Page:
In light of the limitations of instrumental internationalization, my question for postsecondary educators and leaders is: How can we redefine and reimagine what counts as internationalization? In answering this question, I suggest that, by transforming how we understand internationalization, we can begin to change what we think and do in its name.

Internationalization does not need to be thought of as a rationalized strategic activity that primarily benefits the institution in concrete ways. It should be more than a set of quantified organizational activities with outcomes. Global understanding cannot be narrowly defined as acquiring knowledge, skills, or competencies. It must involve more than implementing a checklist of activities or organizational practices.

Accordingly, I view internationalization as a personal commitment to reflecting on how our actions, as we live and work in Canada, have unknown ripple effects around the world. A reimagined internationalization requires educating students to be interested, humble, empathetic, and responsible for our interconnected pasts, presents, and futures. This focus on attributes and reflective action, rather than knowledge acquisition and organizational activity, is a redefinition of how internationalization is understood and practiced by many. But, this re-definition is needed.

All indications suggest that our institutions will remain focused on international student recruitment post-pandemic, seeking to diversify students’ nationalities to mitigate financial risk. However, we can all do more individually—in our classrooms and professional roles—to align our own practices, interactions, and relationships within the domains where we work to a non-instrumental approach to internationalization.

When we conceptualize the goal of international student recruitment as an opportunity to invest in the future potential of those who have not benefited from generations of accumulated privilege, we can come up with creative ways to make international student tuition more equitable. For example, one possibility involves providing scholarship packages to students who studied at public schools in countries in lower and middle-income countries. Another includes calculating a reasonable family contribution, as is done in many universities in the United States. When we stop thinking of international student recruitment as being primarily about revenue and reputation, we can find new ways to re-commit to bringing those most affected by conflict and disruption, including refugee students and displaced scholars, to our campuses.

Similarly, instead of being an instrumental project that is primarily revenue-generating and reputation-enhancing—skewing our treatment of students—we can centre relationships of care as a guiding principle for internationalization. We can appreciate our students’ multifaceted identities, address the stereotypes and racism many face, and view supporting mental health as everyone’s responsibility. Leaders can commit to providing faculty, staff, and international student advisors with the tools, resources, and training they need to take on these expanded roles.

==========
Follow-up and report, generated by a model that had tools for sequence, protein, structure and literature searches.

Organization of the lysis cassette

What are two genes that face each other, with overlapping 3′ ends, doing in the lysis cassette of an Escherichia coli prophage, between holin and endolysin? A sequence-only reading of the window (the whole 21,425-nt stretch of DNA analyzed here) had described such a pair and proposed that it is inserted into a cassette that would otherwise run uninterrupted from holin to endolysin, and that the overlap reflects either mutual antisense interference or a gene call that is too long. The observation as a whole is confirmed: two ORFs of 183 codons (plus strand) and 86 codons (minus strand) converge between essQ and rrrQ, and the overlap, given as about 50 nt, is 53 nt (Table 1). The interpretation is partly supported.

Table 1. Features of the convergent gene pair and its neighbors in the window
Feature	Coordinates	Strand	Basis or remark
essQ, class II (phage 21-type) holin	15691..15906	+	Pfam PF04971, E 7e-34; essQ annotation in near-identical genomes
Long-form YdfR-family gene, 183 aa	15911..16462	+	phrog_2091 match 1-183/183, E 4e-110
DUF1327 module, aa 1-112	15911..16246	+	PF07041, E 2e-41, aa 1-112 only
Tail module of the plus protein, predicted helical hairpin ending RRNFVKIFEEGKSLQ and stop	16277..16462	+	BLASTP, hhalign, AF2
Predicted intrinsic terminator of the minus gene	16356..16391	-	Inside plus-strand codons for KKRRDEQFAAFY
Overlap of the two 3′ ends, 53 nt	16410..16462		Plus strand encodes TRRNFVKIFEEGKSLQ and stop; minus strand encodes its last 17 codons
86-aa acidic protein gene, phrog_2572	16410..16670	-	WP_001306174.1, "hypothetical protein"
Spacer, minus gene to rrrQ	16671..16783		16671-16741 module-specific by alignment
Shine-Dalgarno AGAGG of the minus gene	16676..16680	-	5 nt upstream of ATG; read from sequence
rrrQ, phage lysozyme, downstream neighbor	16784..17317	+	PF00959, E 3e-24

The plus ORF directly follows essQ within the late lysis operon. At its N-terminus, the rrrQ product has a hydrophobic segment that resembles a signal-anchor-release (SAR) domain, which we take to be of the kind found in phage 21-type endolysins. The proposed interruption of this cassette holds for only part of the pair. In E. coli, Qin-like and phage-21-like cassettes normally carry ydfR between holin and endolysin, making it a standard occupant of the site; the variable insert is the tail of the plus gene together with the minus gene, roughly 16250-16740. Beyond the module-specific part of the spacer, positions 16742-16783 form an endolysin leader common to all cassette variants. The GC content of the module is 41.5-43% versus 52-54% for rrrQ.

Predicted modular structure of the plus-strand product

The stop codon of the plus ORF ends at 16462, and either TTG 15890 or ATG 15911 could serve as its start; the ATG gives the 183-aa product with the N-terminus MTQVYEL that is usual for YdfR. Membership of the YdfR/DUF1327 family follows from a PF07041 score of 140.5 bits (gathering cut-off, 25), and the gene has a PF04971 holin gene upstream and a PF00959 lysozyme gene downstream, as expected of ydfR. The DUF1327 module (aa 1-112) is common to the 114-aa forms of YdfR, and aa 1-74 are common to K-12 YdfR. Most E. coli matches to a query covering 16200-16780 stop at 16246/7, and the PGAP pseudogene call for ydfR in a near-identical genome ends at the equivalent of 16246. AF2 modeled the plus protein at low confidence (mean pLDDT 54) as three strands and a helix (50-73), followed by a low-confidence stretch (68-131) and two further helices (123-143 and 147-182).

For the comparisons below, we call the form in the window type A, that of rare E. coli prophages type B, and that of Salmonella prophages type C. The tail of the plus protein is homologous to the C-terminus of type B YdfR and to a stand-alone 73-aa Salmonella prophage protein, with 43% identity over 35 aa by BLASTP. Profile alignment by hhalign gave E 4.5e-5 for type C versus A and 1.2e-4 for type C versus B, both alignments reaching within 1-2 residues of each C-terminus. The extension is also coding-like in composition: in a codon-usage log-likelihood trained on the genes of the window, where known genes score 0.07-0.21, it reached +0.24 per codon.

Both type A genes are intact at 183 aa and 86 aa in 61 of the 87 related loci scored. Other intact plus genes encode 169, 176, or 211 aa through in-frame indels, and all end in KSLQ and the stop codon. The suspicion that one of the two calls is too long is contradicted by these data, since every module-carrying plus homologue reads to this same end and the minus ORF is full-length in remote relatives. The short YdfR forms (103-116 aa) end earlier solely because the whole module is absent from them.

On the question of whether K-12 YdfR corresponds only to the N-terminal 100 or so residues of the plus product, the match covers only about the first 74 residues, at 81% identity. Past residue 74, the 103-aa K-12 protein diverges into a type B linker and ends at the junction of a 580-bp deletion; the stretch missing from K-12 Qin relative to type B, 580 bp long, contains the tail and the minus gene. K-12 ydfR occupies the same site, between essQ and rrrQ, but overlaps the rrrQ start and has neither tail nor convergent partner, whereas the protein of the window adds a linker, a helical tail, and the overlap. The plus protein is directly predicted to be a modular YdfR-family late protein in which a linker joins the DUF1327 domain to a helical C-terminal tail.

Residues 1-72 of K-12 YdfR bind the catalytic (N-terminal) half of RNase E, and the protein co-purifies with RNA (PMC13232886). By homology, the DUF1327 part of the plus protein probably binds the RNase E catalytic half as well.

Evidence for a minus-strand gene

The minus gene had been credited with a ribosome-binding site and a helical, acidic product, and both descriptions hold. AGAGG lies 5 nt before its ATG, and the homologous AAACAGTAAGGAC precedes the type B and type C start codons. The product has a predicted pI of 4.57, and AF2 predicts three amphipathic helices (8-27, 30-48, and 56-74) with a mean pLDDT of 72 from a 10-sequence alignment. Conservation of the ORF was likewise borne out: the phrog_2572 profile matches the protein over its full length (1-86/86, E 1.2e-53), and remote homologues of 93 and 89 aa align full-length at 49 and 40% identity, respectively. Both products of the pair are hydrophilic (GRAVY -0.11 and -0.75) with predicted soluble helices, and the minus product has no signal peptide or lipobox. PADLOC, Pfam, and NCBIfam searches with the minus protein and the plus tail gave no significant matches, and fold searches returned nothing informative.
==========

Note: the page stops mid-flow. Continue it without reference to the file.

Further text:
When we stop viewing internationalization as a stand-alone project, isolated from other institutional priorities, such as EDI and sustainability, we can begin creating integrated programs and plans. We can begin to map out an agenda for internationalization that addresses the hegemony of Western and Eurocentric ways of thinking and resource extraction that are fundamentally unsustainable. One very small step in this direction is to reflect on knowledge production in our disciplines and research: We can look at our syllabi and ask ourselves if we are assigning readings by scholars outside of North America and Europe, and if not, why not? We can individually begin to challenge the Eurocentrism that positions Europe and North America as the world’s primary sources of knowledge and progress. We can also begin to more seriously calculate the carbon footprint of international travel and choose more environmentally sustainable options.

Our task as educators in internationalized institutions demands more than preparing students with concrete skills for inter-cultural communication.

When we stop mapping internationalization onto concrete and measurable activities for narrow outcomes, such as intercultural competencies, we can begin educating for the much messier global reality. The world is highly unpredictable—conflict, geopolitical tension, disease, and climate migration all mean that our task as educators in internationalized institutions demands more than preparing students with concrete skills for inter-cultural communication. Rather than viewing internationalization as acquiring skills, we can, instead, view internationalization as preparing students to have many of their basic assumptions questioned and to be comfortable with ambiguity and change.

In this way, we can imbue our internationalization activities with a greater sense of purpose—beyond self-interest and instrumentalism, we can re-think internationalization in terms of our impact on the world.

Elizabeth Buckner is an Assistant Professor in the Department of Leadership, Higher and Adult Education at the Ontario Institute for Studies in Education at the University of Toronto.